It would seem that conversations around quality of life get louder as we age. How do we adjust to changing abilities of aging parents, partners with complex health needs or our own challenges? Assisted living or long-term care facilities often come into play when physical limitations, health concerns and memory challenges such as dementia pose a challenge to living independently. And quality of life when one can no longer live independently is what University of Lethbridge associate professor Dr. Carla Carnaghan with her colleague Dr. Helen Kelley from the Dhillon School of Business sought to explore.
Carla has an undergraduate degree in health information science, a Ph.D. in business administration (accounting) and a working history with Alberta Health. She was one of a few faculty members from the U of L approached by an organization to study quality of care and life in assisted living versus traditional long-term care facilities. With a vested interest in health and organizational performance and effectiveness, Carla took on the project which culminated in conference presentations in Japan and Nova Scotia.
Here Carla reveals answers to 5 Questions on the differences between assisted living and long-term care residences, the challenges those facilities face, ways to improve quality of life for seniors and more.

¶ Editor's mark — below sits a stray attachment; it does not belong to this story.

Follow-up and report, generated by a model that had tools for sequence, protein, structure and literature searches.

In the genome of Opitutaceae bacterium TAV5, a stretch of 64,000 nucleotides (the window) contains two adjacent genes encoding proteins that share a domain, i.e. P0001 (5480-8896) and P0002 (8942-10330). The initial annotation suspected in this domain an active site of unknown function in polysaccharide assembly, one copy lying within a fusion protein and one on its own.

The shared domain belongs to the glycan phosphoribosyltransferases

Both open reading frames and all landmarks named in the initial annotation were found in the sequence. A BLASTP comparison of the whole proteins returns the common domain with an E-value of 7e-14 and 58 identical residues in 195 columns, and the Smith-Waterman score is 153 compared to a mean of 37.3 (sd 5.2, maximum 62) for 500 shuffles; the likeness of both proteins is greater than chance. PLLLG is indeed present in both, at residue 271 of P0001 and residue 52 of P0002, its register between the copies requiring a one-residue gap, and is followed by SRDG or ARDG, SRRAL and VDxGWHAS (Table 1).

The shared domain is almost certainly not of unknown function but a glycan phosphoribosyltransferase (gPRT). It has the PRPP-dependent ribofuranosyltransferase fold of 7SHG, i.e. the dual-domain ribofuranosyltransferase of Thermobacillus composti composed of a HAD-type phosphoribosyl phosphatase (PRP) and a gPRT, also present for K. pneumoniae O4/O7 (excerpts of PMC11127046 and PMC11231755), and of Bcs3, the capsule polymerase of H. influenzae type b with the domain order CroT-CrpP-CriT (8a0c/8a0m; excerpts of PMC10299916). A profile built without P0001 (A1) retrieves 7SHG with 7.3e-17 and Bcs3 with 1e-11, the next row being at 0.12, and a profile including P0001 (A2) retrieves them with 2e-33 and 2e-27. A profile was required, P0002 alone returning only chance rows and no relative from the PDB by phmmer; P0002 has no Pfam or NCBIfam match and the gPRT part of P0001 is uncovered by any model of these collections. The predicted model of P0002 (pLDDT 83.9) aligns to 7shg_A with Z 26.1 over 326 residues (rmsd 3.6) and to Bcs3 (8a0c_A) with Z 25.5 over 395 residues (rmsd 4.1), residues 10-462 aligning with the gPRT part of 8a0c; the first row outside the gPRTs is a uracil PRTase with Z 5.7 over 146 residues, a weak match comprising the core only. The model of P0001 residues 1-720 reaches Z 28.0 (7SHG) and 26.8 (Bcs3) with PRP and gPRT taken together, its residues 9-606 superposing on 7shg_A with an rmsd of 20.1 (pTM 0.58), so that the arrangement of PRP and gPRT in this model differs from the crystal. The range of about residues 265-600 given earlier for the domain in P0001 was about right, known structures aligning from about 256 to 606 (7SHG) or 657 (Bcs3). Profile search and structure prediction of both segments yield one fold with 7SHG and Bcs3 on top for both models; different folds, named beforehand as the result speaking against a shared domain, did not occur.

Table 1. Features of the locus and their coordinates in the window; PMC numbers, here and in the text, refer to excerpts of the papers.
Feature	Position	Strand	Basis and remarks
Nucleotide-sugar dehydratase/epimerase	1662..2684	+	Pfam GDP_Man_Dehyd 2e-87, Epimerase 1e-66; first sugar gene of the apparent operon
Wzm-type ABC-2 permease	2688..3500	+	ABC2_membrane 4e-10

1. Can you explain the underlying differences between assisted living and traditional long-term care models?
The main principle of assisted living is that it emphasizes greater autonomy and privacy. The intent is to give residents more control over their daily lives and environment. This might include for example, letting individuals make decisions about when they get up, when they have meals, allowing them to keep the doors in their room closed and choose their furnishings. Assisted living typically provides less health care supports, as individuals are assumed to have less complicated health care needs.
More traditional long-term care focuses more on maintaining health and places less emphasis on autonomy. This may mean for example that someone’s diet is more constrained to healthier choices, or their furnishings may place more emphasis on avoiding tripping hazards. There is an assumption that residents have more challenging health care needs and there are more health care supports, including more use of staff with greater health care training.
In practice, these models form a continuum, which is reflected in Alberta’s current continuing care model, where residents move from assisted living to nursing homes as their care needs increase.
2. What factors effect quality of life for seniors living in residences?
Health care systems used to view quality of life for the elderly from more of a medical perspective, meaning that the absence of illness was key. Later research has shown that many individuals feel like they have good quality of life even when they have significant health problems, and more modern approaches emphasize enjoying life. Thus, while health problems can certainly affect quality of life for seniors, other factors that are important include feeling happy, having good seeing and hearing and energy levels.